There is nothing that government can’t achieve, if we funnel more money and social equality into addressing so-called problems:
One of the most important things that government could do to reduce drug use, fight the obesity epidemic and deal with a host of other youth problems is quite simple: Include more kids in organized after-school sports.
But to do that, we must first make some major changes in interscholastic sports programs in the nation’s public middle and high schools. The goal should be full inclusion: Nobody gets cut from the team.
The essay is bad, with little that is practical or desirable. But there are two points that get lost in this recommendation. First, kids in organized sports use drugs. I recall this from my one year of high school baseball, but it’s not a leap to realize that kids in sports are still kids. Kids make bad choices. Maybe lack of participation in sports plays a role in increasing drug use, but I want evidence before accepting it as truth. It’s dumb to throw more money at something with hope that it’ll fix what we’ve only assumed.
To the second point, there are other outlets for organized sports, but the school team carries greater weight. I agree. Yet, merit is vital as a measuring stick for kids. I wanted to be on the baseball team in high school, but I wasn’t good enough to play beyond one season. That was tough, but I dealt with it by working hard to improve. If I’d known I would make the team, I would’ve had no incentive to practice. Toss in this suggested implementation strategy and there is little reason to care:
To ensure that schools would field the most competitive teams, the most skilled players would still get the bulk of the playing time at the varsity level. But no one would be cut.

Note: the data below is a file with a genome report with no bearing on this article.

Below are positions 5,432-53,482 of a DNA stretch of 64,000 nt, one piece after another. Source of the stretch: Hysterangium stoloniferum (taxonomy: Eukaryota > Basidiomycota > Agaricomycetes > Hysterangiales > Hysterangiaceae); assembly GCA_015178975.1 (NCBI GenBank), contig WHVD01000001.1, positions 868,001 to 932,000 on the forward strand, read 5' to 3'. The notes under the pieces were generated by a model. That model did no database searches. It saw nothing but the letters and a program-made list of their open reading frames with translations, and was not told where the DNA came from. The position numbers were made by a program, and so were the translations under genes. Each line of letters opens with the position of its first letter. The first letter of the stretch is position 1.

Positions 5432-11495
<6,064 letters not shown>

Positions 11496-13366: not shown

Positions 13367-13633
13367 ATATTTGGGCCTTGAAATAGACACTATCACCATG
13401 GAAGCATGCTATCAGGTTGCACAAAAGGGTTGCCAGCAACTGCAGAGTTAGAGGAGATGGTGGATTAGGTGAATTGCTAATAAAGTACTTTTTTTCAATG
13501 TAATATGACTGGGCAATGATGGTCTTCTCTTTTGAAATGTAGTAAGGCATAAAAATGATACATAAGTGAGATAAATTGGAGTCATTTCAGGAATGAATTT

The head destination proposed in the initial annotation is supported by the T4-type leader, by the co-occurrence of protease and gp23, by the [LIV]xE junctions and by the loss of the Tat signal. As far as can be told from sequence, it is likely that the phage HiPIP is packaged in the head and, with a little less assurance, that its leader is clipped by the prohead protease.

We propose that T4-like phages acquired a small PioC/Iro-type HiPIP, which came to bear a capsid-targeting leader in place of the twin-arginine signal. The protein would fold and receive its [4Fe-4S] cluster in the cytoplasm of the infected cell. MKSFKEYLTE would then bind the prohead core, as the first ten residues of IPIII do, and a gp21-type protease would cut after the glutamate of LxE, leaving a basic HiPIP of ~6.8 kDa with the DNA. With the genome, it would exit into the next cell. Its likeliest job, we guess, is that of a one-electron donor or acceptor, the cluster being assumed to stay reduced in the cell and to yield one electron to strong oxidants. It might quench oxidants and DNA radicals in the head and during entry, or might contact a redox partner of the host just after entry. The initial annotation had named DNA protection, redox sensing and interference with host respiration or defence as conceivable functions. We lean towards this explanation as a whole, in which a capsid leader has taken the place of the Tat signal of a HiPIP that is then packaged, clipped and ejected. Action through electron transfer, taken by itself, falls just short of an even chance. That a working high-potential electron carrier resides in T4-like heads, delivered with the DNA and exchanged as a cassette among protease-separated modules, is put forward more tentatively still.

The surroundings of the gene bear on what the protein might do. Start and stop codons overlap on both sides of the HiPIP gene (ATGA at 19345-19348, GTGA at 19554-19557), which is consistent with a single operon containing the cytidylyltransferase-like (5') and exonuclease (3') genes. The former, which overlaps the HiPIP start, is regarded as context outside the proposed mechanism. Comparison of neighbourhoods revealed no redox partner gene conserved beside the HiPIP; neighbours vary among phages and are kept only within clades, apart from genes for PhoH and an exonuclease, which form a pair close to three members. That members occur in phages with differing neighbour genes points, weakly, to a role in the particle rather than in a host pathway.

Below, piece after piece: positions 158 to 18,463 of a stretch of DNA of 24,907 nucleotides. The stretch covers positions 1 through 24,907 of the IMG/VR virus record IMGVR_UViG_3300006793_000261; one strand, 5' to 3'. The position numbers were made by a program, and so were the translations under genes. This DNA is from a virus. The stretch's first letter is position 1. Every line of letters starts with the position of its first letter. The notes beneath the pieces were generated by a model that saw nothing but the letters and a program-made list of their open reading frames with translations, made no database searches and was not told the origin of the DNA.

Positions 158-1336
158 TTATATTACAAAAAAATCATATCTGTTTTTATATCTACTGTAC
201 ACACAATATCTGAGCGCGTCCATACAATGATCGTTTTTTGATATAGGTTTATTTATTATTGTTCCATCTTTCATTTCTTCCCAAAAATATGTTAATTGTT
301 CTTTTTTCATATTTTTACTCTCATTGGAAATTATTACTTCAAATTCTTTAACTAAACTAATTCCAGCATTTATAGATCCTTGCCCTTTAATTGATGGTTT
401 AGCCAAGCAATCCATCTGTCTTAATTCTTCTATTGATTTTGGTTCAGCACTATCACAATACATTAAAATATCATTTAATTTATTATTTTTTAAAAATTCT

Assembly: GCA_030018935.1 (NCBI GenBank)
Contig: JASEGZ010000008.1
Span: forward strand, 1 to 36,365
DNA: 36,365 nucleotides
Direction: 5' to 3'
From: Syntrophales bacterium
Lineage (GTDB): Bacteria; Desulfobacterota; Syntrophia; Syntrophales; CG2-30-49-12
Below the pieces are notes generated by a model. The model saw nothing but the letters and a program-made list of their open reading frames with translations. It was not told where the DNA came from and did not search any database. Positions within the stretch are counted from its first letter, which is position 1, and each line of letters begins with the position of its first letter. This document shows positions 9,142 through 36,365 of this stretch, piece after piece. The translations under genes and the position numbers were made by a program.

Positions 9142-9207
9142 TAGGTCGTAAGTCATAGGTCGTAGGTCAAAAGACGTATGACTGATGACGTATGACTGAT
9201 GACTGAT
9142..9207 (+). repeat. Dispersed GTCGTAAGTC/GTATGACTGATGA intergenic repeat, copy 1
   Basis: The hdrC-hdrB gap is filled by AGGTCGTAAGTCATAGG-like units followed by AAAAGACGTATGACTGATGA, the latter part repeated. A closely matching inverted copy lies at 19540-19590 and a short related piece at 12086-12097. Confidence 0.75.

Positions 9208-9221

Pardon me for disagreeing, but I never wanted to sit when I played organized sports. As a kid, I’d rather play for a losing team than watch from the bench as a good team wins. I even skipped a season of Little League as a kid because I knew I wouldn’t get to play much. The effort involved to practice with the team only to watch other kids play would not have been worth the minor payoff of being included. I played catch and practiced with my brother to play the game.
I coached Little League one season. I made a rule in the beginning of the season that playing was more important than winning. Every kid would play an equal amount of time, regardless of skill or the score of the game. I communicated this at the first practice. When the season was over, every kid had played the same number of innings. We didn’t win much, but the kids played together as a team as the season progressed. They helped each other and the team played better every week.
I wouldn’t implement such a policy in business, but extracurricular activities is not business. Kids are smart enough to understand who has more (and less) talent. What that team found out was that every kid could develop the talent he or she had, no matter how limited or expansive. Isn’t that more important for kids than being included on the periphery?
Instead of spending more money so that everyone (allegedly) feels good about themselves, communities should address the problem with an approach open to the best solution. It should not flow from a preferred political outcome. If involvement is so important with sports, and I believe it is, kids need an environment where they know their efforts will be rewarded. Merit is a vital measuring stick, regardless of how abundant that talent is, but it’s measured individually as much as it is collectively.